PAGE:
The FDA issued an advisory about the use of thermal imaging systems as screening instruments for the COVID-19 pandemic landing the same day as a warning letter to Certify Global Inc. The agency’s concern is that these systems are being used without consideration for the limitations, including that they are not appropriate for mass screenings due to inaccurate findings that could elevate the risk of spread of the SARS-CoV-2 virus.
The FDA advisory noted the use of such systems as initial temperature assessment and triage of individuals in public areas, including airports, schools and workplaces, relies on appropriate set-up and operation. Proper use requires that individuals who are scanned be given time to adjust to environmental changes, such as changes in ambient temperature, when entering a building. Thermal imaging systems should be used only when ambient temperatures fall between 68° and 76° F and should not be used in areas that are subject to strong light sources, including sunlight. Any conspicuous measurements should be confirmed with a digital thermometer, while the hazard of failing to observe appropriate conditions of use includes an incorrect reading.
The FDA notice does not specifically call out the March 4 warning letter to of Gaithersburg, Md.-based Certify Global, which states that the company’s website offers two thermal imaging systems for telethermographic imaging systems. Among the violative claims are that the two units in question, the Snap XT Pro HID and the Infinity X Pro, can scan up to four individuals in one pass, and can provide seven simultaneous reads, respectively. A search of the company’s website indicated that the products are no longer listed. The warning letter states that Certify lacked a standard regulatory premarket authorization for either of the systems, such as a PMA or a 510(k).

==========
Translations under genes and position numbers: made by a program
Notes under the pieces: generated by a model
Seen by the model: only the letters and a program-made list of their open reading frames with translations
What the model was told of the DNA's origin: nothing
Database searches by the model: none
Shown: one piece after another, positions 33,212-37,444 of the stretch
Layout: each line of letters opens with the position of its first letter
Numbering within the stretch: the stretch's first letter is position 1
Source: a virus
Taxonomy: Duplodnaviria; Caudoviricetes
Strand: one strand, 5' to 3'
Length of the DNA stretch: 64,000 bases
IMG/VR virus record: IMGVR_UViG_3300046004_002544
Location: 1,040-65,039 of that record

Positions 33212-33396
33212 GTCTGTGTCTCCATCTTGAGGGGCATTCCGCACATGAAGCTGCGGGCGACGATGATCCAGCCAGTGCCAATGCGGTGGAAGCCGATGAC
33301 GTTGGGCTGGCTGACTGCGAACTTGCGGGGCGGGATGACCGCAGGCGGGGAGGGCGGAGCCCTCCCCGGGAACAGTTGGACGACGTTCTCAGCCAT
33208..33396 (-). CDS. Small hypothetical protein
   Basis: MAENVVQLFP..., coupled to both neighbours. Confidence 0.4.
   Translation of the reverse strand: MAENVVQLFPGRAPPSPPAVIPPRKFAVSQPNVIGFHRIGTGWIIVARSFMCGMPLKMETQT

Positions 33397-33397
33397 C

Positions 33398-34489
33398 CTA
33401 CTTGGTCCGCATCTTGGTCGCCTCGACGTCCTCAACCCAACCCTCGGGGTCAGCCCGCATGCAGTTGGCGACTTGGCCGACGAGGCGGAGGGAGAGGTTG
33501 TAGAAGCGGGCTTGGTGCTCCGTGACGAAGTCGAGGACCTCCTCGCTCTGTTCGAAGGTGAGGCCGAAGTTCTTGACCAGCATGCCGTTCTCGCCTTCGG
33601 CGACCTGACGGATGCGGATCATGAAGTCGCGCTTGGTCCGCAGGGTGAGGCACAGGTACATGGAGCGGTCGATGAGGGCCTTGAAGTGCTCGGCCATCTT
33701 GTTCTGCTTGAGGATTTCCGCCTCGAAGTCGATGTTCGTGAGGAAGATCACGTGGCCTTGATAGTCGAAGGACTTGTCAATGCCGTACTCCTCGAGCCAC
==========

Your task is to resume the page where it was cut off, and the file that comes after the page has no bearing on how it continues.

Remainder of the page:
Despite the warning letter’s reference to a standard premarket review, the agency posted an enforcement policy for telethermographic systems in April 2020, which allows for distribution of such systems without approval or clearance for purposes of screening for the SARS-CoV-2 virus. This comes with several stipulations, including that a system demonstrate conformance with one of the 2017 editions of IEC 80601-2-59, although the manufacturer can conduct testing in lieu of conformance with the IEC standard.
This would include demonstration that measurement variability is no greater than 0.9° F, and that thermal stability/drift does not exceed 0.36° F over an interval of time specified by the manufacturer. The policy also requires any elevated body temperatures be checked with a secondary evaluation method, and that a system be used on only one subject at a time.
The FDA advisory recommends that anyone being assessed by such a system remove hats or glasses they may be wearing, adding that hair should be pulled away from the face. However, the agency said the benefits of wearing a mask during the process outweigh any risks of an inaccurate thermographic reading. Whether that policy will change if the Centers for Disease Control and Prevention relaxes its masking recommendations is not clear.
The market for these cameras is still vigorous despite that a year has passed since the onset of the pandemic. Verizon, of Basking Ridge, N.J., said in a Feb. 29 statement that it is working with Zyter Inc., of Rockville, Md., to deploy non-contact temperature assessment at public venues, including sports venues, that can assess six individuals at a time at a distance of up to 20 feet. There are those with misgivings about the reliable performance of these systems, including the American Civil Liberties Union, which cited privacy considerations as a problem along with concerns about whether these systems perform as advertised.
Certify Global did not respond to a request for comment.